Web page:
The Young Mizo Association has a member in virtually every Mizo home, and combines aggressive social activism with counselling for addicts
Mizoram’s largest voluntary organisation, Young Mizo Association, has re-activated an anti-narcotics team after nearly a year and a half. In the first three weeks, 36 volunteers of the SRS or Supply Reduction Service have combed much of the state capital and its outlying areas, confiscating heroin estimated to be able to give a high to 1.5 lakh users.
The SRS has caught roughly 400 g of heroin, 500 g of marijuana, and 19 strips of the pharmaceutical preparation alprozelum, the most widely-abused drugs across the state. Their achievement measures up well against the combined successes of various official law enforcement agencies in the first three months of the year: 1,050-odd g heroin, 33 kg marijuana, 221 strips of alprozelum.
In the same 3-week period, the SRS also rounded up 221 addicts, peddlers and sex workers linked to the drug trade, and committed more than 200 individuals to counselling to wean them off the habit with the informed consent of families and relatives.
The YMA is a remarkable organisation, with members in virtually every household. Established eight decades ago to replace the Zawlbuk or traditional tribal bachelors’ barracks, it has remained an integral part of society, a voluntary force that is activated both in times of crisis — disasters, mishaps, deaths — and at happy times such as tribal festivals.
The group has always been opposed to intoxicants — but it set up formal anti-narcotics units for the first time only in 2005, and has since complemented the work of official law enforcement agencies.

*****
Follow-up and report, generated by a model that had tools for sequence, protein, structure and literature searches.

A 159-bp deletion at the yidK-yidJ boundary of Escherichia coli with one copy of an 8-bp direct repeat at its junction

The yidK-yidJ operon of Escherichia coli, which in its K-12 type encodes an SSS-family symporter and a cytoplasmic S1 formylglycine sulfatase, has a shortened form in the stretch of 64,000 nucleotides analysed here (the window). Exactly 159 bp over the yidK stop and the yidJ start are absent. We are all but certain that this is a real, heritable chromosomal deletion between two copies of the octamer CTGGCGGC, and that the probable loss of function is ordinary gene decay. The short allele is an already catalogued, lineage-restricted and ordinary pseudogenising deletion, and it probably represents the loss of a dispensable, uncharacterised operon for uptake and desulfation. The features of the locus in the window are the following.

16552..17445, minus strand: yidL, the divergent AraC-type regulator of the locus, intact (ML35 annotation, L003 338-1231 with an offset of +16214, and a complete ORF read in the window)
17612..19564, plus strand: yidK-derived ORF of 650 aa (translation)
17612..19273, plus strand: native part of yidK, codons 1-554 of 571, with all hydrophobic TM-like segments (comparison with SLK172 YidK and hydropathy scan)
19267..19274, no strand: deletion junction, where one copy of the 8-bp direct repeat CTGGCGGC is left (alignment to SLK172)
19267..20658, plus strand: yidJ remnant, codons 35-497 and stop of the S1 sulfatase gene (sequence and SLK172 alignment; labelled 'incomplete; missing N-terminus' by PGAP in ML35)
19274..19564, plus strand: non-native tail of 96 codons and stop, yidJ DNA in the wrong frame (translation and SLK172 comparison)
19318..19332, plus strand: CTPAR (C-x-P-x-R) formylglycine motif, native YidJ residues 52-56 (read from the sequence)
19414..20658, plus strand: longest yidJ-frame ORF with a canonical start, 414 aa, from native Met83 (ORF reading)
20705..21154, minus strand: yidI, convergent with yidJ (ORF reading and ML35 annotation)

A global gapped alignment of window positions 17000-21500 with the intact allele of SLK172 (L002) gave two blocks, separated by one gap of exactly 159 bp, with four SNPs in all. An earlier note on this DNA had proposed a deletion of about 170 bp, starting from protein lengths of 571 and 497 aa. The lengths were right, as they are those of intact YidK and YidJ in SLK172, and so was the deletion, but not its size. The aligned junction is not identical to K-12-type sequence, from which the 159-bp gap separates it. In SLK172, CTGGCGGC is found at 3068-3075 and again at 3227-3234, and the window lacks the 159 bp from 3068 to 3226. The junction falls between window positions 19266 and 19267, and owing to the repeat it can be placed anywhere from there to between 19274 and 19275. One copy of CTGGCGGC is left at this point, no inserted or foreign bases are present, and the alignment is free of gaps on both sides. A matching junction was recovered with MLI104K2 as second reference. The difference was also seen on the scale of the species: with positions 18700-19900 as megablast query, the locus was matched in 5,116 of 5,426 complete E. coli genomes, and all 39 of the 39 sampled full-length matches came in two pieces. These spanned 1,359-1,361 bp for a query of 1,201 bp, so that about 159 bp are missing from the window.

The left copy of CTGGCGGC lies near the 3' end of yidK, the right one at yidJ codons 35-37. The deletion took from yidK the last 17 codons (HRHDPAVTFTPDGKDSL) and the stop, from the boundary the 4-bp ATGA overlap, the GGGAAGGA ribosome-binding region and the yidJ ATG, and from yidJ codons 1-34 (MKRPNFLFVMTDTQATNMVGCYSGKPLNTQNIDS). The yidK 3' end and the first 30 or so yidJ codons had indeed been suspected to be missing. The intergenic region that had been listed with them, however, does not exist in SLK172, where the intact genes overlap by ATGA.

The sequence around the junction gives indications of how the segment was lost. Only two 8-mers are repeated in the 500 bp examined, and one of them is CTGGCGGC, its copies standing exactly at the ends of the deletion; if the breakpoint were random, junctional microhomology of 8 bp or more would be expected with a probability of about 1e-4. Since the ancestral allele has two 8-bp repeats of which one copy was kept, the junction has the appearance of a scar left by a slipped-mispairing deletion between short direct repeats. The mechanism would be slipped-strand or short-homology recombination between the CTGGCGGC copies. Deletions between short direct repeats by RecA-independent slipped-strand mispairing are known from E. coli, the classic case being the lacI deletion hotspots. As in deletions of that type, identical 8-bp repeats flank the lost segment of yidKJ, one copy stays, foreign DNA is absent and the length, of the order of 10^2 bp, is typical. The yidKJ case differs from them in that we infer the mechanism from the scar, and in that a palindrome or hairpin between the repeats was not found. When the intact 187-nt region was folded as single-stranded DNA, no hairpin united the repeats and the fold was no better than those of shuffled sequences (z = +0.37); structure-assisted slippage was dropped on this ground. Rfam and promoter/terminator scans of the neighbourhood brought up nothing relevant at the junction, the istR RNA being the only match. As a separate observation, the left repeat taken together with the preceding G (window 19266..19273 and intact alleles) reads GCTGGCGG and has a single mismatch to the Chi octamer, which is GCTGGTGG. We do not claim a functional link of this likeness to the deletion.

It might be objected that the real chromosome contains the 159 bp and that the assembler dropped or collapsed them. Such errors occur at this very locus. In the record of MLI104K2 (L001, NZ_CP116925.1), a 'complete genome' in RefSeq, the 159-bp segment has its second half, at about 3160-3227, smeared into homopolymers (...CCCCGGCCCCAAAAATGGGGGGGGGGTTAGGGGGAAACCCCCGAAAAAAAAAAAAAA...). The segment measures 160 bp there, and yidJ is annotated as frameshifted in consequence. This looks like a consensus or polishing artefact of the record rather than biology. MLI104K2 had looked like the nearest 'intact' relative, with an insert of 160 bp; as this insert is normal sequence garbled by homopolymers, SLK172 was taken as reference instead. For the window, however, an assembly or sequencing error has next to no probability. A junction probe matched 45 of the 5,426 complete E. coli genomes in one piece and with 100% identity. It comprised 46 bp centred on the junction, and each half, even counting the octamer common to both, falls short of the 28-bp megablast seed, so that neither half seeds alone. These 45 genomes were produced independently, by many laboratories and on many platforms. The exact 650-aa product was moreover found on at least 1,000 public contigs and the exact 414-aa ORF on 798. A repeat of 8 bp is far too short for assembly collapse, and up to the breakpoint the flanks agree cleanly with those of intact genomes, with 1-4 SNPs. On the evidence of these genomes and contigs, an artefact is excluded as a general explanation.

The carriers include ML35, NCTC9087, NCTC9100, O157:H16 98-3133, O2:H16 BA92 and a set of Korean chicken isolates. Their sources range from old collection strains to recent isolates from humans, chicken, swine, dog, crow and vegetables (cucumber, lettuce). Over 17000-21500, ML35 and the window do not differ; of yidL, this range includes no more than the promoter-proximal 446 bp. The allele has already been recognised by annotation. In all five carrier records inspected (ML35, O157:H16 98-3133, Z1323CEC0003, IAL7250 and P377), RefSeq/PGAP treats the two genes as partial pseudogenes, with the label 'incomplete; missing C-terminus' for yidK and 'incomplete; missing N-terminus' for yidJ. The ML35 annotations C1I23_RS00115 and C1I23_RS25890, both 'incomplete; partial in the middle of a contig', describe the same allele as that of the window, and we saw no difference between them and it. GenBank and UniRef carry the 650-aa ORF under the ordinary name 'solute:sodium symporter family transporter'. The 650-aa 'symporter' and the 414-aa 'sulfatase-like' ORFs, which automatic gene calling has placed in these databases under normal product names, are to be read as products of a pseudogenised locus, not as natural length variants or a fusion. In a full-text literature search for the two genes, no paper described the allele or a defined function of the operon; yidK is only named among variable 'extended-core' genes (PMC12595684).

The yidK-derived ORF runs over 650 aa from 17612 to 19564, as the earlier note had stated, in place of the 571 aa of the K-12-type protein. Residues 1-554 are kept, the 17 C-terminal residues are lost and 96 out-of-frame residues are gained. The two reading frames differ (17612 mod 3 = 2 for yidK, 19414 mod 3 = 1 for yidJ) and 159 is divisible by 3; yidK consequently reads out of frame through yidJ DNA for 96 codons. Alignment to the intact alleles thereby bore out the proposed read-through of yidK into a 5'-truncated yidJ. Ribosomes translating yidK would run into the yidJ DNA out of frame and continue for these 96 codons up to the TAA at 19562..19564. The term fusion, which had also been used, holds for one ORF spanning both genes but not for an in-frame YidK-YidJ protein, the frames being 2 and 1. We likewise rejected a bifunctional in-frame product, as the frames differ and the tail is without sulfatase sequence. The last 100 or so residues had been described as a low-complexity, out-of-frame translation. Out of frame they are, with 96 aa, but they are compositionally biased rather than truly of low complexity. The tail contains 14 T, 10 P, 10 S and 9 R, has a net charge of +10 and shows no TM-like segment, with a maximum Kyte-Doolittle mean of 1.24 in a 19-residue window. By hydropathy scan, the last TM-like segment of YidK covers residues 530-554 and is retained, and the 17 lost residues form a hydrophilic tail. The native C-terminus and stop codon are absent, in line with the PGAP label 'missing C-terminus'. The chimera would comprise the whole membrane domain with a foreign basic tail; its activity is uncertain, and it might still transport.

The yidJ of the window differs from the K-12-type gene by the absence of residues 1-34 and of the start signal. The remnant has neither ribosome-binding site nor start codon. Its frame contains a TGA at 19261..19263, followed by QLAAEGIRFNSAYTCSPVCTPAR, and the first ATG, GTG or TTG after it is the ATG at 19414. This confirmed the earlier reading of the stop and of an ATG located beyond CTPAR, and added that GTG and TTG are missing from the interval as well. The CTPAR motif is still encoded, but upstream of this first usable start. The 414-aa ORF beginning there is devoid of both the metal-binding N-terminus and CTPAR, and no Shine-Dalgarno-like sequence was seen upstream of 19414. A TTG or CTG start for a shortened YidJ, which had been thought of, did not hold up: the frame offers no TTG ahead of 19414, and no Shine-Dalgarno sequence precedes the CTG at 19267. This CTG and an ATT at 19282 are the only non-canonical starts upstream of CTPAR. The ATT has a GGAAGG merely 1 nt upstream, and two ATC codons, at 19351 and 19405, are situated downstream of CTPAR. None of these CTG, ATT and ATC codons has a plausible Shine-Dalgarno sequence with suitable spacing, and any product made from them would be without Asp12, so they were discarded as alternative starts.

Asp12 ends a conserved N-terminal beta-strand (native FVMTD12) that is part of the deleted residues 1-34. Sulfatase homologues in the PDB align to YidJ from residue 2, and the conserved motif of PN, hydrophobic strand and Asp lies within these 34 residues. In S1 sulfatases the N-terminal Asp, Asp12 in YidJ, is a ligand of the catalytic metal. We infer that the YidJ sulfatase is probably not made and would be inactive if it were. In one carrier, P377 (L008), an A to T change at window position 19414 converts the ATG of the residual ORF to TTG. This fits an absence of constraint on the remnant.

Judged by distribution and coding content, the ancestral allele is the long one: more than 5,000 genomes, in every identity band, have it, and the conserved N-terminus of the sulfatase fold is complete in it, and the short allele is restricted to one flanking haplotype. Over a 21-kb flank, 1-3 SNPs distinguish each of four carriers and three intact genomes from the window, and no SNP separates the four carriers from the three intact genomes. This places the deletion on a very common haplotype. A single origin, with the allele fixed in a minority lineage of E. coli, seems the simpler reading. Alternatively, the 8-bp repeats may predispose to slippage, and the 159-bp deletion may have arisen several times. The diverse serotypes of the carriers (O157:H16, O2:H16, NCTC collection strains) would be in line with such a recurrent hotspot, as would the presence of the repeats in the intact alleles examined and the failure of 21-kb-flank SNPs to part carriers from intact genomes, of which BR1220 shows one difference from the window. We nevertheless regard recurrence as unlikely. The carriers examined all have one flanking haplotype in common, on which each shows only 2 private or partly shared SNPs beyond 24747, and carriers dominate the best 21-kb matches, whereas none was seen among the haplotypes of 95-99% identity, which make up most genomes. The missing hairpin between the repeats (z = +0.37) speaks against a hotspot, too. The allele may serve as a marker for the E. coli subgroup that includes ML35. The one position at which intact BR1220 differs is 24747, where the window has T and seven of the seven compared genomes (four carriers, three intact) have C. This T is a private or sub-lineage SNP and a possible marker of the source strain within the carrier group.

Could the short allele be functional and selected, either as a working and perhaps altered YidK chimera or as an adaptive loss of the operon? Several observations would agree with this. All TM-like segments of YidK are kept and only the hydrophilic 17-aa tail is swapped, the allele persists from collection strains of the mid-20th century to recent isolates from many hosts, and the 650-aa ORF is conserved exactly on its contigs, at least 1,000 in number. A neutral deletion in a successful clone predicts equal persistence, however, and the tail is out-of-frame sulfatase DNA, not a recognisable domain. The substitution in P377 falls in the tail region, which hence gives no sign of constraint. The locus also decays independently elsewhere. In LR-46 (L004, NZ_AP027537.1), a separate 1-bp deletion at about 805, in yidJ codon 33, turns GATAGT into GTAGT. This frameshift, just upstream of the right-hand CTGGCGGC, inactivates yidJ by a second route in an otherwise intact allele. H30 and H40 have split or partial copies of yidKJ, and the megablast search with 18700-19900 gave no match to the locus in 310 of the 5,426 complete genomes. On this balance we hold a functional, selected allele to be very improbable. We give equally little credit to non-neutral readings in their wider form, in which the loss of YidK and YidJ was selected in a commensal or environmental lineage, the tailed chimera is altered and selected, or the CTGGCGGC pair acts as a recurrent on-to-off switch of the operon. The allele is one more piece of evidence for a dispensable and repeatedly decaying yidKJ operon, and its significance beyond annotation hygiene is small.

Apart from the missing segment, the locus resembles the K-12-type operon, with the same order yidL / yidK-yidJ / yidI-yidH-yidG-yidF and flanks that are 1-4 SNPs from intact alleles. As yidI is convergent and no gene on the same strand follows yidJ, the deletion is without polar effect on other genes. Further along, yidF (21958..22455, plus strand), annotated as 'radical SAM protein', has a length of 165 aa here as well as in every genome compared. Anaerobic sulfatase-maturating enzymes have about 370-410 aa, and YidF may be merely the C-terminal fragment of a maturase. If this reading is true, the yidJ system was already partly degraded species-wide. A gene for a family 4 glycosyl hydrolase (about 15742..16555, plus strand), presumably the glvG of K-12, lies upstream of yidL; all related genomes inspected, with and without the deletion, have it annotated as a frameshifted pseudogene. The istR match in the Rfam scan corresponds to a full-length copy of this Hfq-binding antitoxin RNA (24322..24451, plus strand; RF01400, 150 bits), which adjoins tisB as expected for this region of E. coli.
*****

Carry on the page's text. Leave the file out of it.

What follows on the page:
The official death toll from drug abuse in Mizoram stands at over 1,300 since 1984. The number of addicts today is estimated at 25,000-30,000. That’s a big number for a state with a population of just over a million.
YMA-backed teams such as SRS, Demad Reduction Service and Central Anti-Drugs Squad have sometimes attracted controversy over violent incidents — yet, their voluntary anti-narcotics movement has caught the attention and appreciation of various entities including the union Ministry of Social Justice and Empowerment, which in 2013 bestowed upon it the first national award for helping prevent alcoholism and substance abuse.
However, with a change in the YMA’s top leadership in the last months of 2013, the anti-narcotics movement quietly lost thrust. Coincidentally, this came around the same time as the street price of heroin dropped by a fourth, and an accelerated growth in better-organised smuggling operations, particularly of pseudoephedrine, used by some of Myanmar’s ethnic armies to manufacture the world’s top drug, methamphetamine.
The anti-drug movement revived on April 11 — after numerous requests from families of addicts, according to YMA leaders. The organisation chose the new SRS team’s members carefully, and its head Vanlalrema Rokhum has said it will tread carefully to avoid any controversy this time.
How do law enforcement agencies look at YMA’s activities? Senior officials say the laws that bind them often do not apply to the YMA, for which reason the volunteer group is able sometimes to pose a bigger threat to smugglers, dealers, addicts, and even conniving officials.